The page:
Up until now, I’ve never deliberately turned the radio off. OK, caveats: I’ll turn it right down if people are trying to talk to me, or if I don’t want to answer a young person’s questions about North Korean missile testing first thing in the morning. I’ll make a mad leap if the Archers comes on, to a different station, but I won’t turn it off. Radio 4 has been a lifelong susurration, sometimes so ambient I don’t even get annoyed by it, sometimes so annoying it’s like the permanent low-level siren in a nuclear power plant. And still I don’t turn it off.
Then, maybe eight days ago, I unplugged the radio and have lived in this cave of silence since. There was no final straw or particular anti-royal sentiment. I have nothing against fervent monarchism, sincerely expressed: it was merely the sound of people aping royalism, the performative respect, above all the repetitiveness. It’s such a fundamental principle of broadcasting, that whatever you say, you can’t say it twice. Even the rookiest DJ on hospital radio knows this, which is how they find themselves accidentally disclosing details of their personal life, just to avoid repeating the sandwich offers.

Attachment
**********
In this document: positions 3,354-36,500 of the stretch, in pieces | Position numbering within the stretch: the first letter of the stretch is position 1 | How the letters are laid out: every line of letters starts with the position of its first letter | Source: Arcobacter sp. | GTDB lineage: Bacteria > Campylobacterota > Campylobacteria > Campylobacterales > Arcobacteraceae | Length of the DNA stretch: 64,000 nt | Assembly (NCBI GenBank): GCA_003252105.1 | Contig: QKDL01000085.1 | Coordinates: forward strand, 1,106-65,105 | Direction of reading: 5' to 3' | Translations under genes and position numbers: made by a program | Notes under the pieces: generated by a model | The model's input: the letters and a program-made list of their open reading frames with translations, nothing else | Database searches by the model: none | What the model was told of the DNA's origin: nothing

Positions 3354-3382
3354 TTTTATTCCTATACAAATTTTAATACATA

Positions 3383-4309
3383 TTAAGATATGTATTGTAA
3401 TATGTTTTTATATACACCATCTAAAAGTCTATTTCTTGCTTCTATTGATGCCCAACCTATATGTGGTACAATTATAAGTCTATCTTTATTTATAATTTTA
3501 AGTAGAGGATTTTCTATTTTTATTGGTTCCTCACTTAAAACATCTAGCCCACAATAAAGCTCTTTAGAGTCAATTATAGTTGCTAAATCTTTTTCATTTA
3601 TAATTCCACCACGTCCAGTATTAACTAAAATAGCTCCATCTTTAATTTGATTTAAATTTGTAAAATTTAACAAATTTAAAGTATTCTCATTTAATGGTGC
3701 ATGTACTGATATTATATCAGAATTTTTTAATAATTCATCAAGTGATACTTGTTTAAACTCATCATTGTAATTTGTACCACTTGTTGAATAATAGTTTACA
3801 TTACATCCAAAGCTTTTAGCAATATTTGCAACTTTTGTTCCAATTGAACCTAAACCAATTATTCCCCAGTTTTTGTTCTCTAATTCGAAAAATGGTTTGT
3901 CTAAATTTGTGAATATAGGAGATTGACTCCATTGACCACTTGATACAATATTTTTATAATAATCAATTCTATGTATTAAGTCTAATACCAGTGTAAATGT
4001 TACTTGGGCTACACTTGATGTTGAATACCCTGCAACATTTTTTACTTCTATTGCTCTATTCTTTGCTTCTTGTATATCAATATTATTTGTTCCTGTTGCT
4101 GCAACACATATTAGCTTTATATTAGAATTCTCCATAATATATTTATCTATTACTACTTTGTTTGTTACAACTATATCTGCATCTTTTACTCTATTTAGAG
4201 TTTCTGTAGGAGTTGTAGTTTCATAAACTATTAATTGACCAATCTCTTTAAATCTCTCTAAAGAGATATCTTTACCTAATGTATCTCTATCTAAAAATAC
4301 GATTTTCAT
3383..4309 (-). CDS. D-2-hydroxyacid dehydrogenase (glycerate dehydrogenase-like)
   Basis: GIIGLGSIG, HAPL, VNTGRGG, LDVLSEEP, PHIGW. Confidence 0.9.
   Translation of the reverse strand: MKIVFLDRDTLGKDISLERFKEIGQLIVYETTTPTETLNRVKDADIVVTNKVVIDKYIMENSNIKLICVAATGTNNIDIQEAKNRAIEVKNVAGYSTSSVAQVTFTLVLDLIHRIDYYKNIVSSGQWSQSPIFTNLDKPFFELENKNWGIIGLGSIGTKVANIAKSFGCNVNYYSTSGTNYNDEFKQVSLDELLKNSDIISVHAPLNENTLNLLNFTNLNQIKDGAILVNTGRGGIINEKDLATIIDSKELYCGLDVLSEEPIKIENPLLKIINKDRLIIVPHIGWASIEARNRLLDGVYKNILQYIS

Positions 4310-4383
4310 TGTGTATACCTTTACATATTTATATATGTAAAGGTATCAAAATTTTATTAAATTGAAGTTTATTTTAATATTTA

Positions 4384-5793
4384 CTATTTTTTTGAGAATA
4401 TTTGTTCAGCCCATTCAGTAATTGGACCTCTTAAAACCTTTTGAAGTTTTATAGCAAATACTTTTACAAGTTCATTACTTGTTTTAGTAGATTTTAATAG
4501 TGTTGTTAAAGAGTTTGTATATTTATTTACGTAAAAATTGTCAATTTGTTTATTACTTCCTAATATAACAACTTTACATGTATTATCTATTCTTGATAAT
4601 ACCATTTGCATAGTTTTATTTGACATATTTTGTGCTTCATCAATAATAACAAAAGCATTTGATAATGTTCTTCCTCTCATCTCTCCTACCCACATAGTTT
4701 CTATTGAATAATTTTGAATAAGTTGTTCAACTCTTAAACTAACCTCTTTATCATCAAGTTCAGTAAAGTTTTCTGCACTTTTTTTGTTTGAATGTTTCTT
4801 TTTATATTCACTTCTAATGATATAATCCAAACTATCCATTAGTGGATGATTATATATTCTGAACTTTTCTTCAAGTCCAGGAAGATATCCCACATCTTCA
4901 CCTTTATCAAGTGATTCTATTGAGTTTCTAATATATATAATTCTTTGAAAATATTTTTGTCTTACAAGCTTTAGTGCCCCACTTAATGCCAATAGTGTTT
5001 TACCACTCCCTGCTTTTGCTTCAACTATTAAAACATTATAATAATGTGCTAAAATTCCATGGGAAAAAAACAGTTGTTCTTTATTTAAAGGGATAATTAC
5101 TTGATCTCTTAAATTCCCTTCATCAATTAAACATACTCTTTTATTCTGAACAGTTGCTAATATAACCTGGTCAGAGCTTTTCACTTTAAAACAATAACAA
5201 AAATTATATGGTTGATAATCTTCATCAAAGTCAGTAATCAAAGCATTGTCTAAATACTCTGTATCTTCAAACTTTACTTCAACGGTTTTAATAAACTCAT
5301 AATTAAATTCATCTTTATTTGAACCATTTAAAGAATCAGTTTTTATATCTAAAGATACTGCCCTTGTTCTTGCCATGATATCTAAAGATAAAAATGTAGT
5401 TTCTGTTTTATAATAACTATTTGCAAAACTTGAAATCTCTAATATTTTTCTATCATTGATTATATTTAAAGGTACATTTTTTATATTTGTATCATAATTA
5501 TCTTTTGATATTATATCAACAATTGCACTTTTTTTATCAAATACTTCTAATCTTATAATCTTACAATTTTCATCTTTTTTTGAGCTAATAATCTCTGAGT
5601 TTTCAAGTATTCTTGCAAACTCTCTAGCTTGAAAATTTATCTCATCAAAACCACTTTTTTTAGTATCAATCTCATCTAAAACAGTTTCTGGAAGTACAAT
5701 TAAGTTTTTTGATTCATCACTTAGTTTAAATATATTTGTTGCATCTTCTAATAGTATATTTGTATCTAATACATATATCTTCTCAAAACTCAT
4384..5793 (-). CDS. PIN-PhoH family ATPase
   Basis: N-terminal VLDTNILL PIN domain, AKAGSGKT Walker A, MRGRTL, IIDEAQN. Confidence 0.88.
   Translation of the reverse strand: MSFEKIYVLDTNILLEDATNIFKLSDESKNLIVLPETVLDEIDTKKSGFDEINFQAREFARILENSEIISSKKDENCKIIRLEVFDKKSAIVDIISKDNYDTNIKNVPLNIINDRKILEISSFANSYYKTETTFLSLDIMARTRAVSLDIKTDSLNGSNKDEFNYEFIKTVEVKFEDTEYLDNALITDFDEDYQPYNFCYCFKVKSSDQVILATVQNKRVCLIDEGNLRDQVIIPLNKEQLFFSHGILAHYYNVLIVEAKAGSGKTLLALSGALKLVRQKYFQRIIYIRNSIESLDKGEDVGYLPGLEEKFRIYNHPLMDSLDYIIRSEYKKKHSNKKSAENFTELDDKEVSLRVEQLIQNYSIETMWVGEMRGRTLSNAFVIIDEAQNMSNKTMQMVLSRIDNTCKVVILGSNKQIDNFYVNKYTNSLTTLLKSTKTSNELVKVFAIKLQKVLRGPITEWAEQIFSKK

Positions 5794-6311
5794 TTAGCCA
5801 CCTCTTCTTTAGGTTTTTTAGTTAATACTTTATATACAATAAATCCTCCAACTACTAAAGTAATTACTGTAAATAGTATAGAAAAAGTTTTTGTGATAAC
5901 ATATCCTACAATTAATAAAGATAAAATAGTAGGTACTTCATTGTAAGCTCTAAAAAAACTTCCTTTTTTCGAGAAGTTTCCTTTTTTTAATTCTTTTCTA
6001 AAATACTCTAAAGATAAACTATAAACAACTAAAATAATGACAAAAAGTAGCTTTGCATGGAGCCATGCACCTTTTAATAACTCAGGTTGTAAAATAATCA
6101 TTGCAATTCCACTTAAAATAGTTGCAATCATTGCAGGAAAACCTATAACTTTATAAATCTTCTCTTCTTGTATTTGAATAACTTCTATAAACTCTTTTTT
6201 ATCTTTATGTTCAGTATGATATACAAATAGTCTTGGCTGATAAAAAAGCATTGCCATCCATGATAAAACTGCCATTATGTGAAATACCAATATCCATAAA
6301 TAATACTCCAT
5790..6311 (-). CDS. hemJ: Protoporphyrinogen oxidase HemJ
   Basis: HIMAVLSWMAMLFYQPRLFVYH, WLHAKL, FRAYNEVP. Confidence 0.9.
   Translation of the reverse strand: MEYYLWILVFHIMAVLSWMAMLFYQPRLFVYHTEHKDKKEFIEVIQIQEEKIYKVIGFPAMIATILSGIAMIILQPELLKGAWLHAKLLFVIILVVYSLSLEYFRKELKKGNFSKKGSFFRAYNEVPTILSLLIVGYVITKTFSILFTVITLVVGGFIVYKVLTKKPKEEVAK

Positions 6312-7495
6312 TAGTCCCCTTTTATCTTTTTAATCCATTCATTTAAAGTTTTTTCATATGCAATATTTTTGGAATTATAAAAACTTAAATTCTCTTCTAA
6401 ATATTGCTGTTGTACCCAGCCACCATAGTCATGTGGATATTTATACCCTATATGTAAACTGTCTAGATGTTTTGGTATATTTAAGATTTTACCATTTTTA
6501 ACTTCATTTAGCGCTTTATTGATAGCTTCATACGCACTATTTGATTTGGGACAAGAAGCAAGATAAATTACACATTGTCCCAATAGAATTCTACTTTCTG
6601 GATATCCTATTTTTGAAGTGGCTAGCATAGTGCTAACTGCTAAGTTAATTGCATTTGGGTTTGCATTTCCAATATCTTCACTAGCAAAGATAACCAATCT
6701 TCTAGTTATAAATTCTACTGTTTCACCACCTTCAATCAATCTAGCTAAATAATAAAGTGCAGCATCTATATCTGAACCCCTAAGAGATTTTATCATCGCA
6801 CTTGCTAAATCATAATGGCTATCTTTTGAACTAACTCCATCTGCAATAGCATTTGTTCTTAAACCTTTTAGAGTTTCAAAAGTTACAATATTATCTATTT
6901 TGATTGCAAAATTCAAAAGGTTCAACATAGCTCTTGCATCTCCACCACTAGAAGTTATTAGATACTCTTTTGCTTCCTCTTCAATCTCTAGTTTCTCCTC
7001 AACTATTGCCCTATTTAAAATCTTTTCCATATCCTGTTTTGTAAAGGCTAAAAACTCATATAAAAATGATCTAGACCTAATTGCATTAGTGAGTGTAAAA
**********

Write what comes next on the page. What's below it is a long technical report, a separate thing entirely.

Six days ago, I gave it one more chance, only to find Today programme presenters trying to amp up the nation’s solemnity by talking more slowly. Honestly, the insult: we have to hear the same thing an apparently infinite number of times, but now it’s going to take much longer.
Here are the downsides: without Thought for the Day, there’s no longer a cue to have a shower, so my personal hygiene has taken a hit; I have no clue what has happened in the sports; I don’t even know if sports are still occurring; I don’t know what the weather is like elsewhere in the country. I’ve been going to Twitter for the news, so US politics has undue prominence but at least the climate crisis is at the centre of everything.
It’s possible that I will never turn Radio 4 back on, and the second half of life sounds completely different from the first. Or, more likely, I get sucked back in by Soul Music, and normality resumes midweek.
Zoe Williams is a Guardian columnist